An alternative opinion:
Thursday, July 5, 2018
An Appeal from Uganda for Vaccination Funding - UPDATED
On Monday, July 2, 2018, 10:23:22 AM EDT, rose mary <firstname.lastname@example.org> wrote:
Good Morning , Mr. Douglas Cooper,
Am truly honored to be writing to you and i thank you for giving me the chance to...This is Mary Parker one of your connections on Linkedin...with that been said i do not want to take any of your precious time and i also felt this email should not be a long one since this issue is not new to anyone again...well we took a Trip to Uganda in East Africa and we discovered that the immunization of children over there is not up to date and the Government and other medical association need to do more about the situation there..Young infants keeps dying by the day and nothing seems to be done over there... i took my time to write little about what we discovered over there and what needs to be done to savage the situation before it gets out of control..i guess am able to convince you to be of help to us in any little way you can and we would be so grateful to you for your help!!!
Childhood vaccination is a highly effective method for preventing vaccine preventable diseases.. Globally it is estimated that about 22.4 million children under one year of age were not vaccinated with a third dose of pentavalent vaccine (Diphtheria-Pertussis-Tetanus-Hepatitis B-Haemophilus type b influenza vaccine (DPT-HB-Hib)) in the year 2012, of whom 70% live in Africa, while 0.54%of the unvaccinated children were found in Tanzania. Children who miss vaccines or are partially vaccinated are said to be at high risk of vaccine preventable diseases that claim millions of lives each year.. It is also estimated that 10 million children under-five years die, one third of which is attributable to infectious diseases that would have been vaccine prevented... Immunization protects against a large number of childhood diseases considered dangerous. These include:Whooping cough (pertussis), measles, German measles (rubella), meningococcal C,pneumococcal disease, chickenpox (varicella), tetanus, mumps, polio, diphtheria, rotavirus and hepatitis. Each of these diseases cause serious health problems and can sometimes prove fatal. Thankfully, through high immunization rates in the community, these diseases can be prevented and eventually stopped .A child is said to under utilize a vaccine if he or she misses out on one or more of the recommended vaccine dose.. In response to the under utilization of vaccines, World Health Organization (WHO) and United Nation for International Children and Education Funds (UNICEF) developed the Global Immunization Vision and Strategy (GIVS) in 2006 aimed to help countries to vaccinate more people, especially those who are hard to reach, Furthermore, GIVS emphasized on reaching every district strategy (RED), as it showed improvement in raising vaccination coverage in some countries where it was practiced... RED focuses on ensuring that each district achieves 90% coverage for all antigens by 2015, thus all major districts in Uganda should have 90% of its eligible children vaccinated. Unfortunately, only 50% of the districts in 2012 reported to have vaccination coverage above the required target (90%)..
Things to know about immunization:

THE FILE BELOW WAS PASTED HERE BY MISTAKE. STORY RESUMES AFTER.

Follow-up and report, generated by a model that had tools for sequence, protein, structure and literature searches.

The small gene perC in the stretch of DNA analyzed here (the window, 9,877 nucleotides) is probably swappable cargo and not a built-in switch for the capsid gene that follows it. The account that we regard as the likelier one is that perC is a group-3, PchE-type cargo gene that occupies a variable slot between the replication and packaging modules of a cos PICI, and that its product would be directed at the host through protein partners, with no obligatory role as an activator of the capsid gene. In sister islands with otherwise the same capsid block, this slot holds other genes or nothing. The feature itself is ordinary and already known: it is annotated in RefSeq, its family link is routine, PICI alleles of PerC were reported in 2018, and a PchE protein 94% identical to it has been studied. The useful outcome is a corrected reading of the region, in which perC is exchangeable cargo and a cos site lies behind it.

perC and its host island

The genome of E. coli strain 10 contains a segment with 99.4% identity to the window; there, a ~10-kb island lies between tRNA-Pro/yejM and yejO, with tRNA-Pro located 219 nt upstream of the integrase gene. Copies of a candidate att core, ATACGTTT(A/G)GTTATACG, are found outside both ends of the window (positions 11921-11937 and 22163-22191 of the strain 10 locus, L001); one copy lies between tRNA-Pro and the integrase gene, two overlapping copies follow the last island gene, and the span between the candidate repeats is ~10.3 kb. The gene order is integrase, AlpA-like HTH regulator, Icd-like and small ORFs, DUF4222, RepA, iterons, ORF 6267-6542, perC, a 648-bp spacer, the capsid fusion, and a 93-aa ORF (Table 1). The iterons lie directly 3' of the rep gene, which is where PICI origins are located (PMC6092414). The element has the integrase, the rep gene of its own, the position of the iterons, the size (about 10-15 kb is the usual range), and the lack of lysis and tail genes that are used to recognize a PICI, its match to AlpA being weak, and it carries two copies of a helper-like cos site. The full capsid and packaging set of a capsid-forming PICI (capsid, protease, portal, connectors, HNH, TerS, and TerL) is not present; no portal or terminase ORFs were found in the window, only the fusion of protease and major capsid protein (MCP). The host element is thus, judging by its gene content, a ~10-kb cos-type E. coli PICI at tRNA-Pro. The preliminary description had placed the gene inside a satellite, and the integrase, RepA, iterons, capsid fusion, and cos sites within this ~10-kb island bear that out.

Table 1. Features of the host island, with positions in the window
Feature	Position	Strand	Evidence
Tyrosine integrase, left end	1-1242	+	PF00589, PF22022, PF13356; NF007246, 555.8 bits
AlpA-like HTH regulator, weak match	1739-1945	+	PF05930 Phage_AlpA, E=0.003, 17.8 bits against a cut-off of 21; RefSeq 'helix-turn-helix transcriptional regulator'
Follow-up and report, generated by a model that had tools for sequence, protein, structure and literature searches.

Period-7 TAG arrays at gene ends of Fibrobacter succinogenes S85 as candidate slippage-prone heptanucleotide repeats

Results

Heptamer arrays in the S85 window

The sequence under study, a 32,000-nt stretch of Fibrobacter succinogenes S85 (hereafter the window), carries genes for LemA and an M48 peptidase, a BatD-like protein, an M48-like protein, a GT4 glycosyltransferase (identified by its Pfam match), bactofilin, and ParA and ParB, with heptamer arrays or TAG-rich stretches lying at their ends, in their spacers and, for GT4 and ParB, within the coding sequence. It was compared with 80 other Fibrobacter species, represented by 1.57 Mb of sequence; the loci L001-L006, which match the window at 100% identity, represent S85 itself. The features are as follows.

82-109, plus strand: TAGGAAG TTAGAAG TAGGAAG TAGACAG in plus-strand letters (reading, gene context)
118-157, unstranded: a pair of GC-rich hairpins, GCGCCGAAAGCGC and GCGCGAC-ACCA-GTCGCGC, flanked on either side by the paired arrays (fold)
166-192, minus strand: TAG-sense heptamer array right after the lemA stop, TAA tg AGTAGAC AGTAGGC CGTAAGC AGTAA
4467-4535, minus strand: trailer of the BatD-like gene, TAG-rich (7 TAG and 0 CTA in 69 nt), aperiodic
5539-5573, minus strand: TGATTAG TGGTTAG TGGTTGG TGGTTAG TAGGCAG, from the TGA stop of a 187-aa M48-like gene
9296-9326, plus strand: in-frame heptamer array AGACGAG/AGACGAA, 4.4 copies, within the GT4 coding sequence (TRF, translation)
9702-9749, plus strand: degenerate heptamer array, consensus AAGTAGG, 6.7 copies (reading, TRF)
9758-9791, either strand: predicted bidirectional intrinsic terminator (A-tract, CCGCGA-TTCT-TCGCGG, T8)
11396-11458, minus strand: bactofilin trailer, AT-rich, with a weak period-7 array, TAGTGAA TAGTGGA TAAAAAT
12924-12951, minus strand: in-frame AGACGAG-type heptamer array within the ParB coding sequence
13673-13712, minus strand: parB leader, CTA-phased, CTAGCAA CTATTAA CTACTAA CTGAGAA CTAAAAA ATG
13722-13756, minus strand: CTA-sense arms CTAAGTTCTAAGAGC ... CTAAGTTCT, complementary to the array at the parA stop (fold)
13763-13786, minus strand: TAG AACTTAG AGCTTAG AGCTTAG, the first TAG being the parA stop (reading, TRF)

=Immunization saves lives
=Vaccination is safe and effective.
=Immunization protects those you love
=Immunization can save you money
=Immunization gives future generations the chance to live disease free.
Once children are in Year 8 and Year 10, they will be offered recommended vaccines via a school-based program..It is important that you keep a record of your child’s vaccinations, and this can be done by taking your child’s Personal Health Record to appointments. Whilst there, you can also check your own immunization history. Adults can be immunized against a range of diseases too, and certain vaccines have an expiration date. For example, any adult spending time with a newborn is recommended to check with their GP to see if they are up to date with their whooping cough vaccine..We investigated the factors associated with childhood immunization status in Uganda. The finding that slightly over 50% of children were fully immunized is worrying in the face of very high infant and child mortality. This may probably be due to the ignorance of mothers or parents concerning the right dosage that a child is required to get. This is especially true for vaccines, like DPT and polio, that require three independent doses where some children may receive one dose or up to the second dose and do not complete the full course. Government effort and donors is urgently needed to increase coverage of immunization by educating the population on the right doses of each vaccine and importance of completing it. There is a discrepancy between the level of vaccination coverage between DPT (24%) and polio vaccine (52%). These vaccines are often administered at the same time and, hence, their coverage rates are expected to be similar. According to the UDHS report, differences in coverage between DPT and polio result, in part, from stock-outs of vaccines...We also found significant regional differences in the immunization coverage in Uganda... Therefore, there is a need for the government effort to reach the disadvantaged regions and locations. The Government of Uganda and sincere Donors should target rural areas by stocking the required vaccines in the community health centers or clinics. In addition, sensitization campaigns, especially targeting the uneducated, may go a long way in achieving this objective. In many of the cases, rural areas are disadvantaged due to poor road networks, especially during rainy seasons. Improving the transport facilities may also help solve the problem...Exposure to the media is significantly associated with childhood immunization. This can be attributed to the sensitization messages that parents receive through media to get their children immunized!!!!!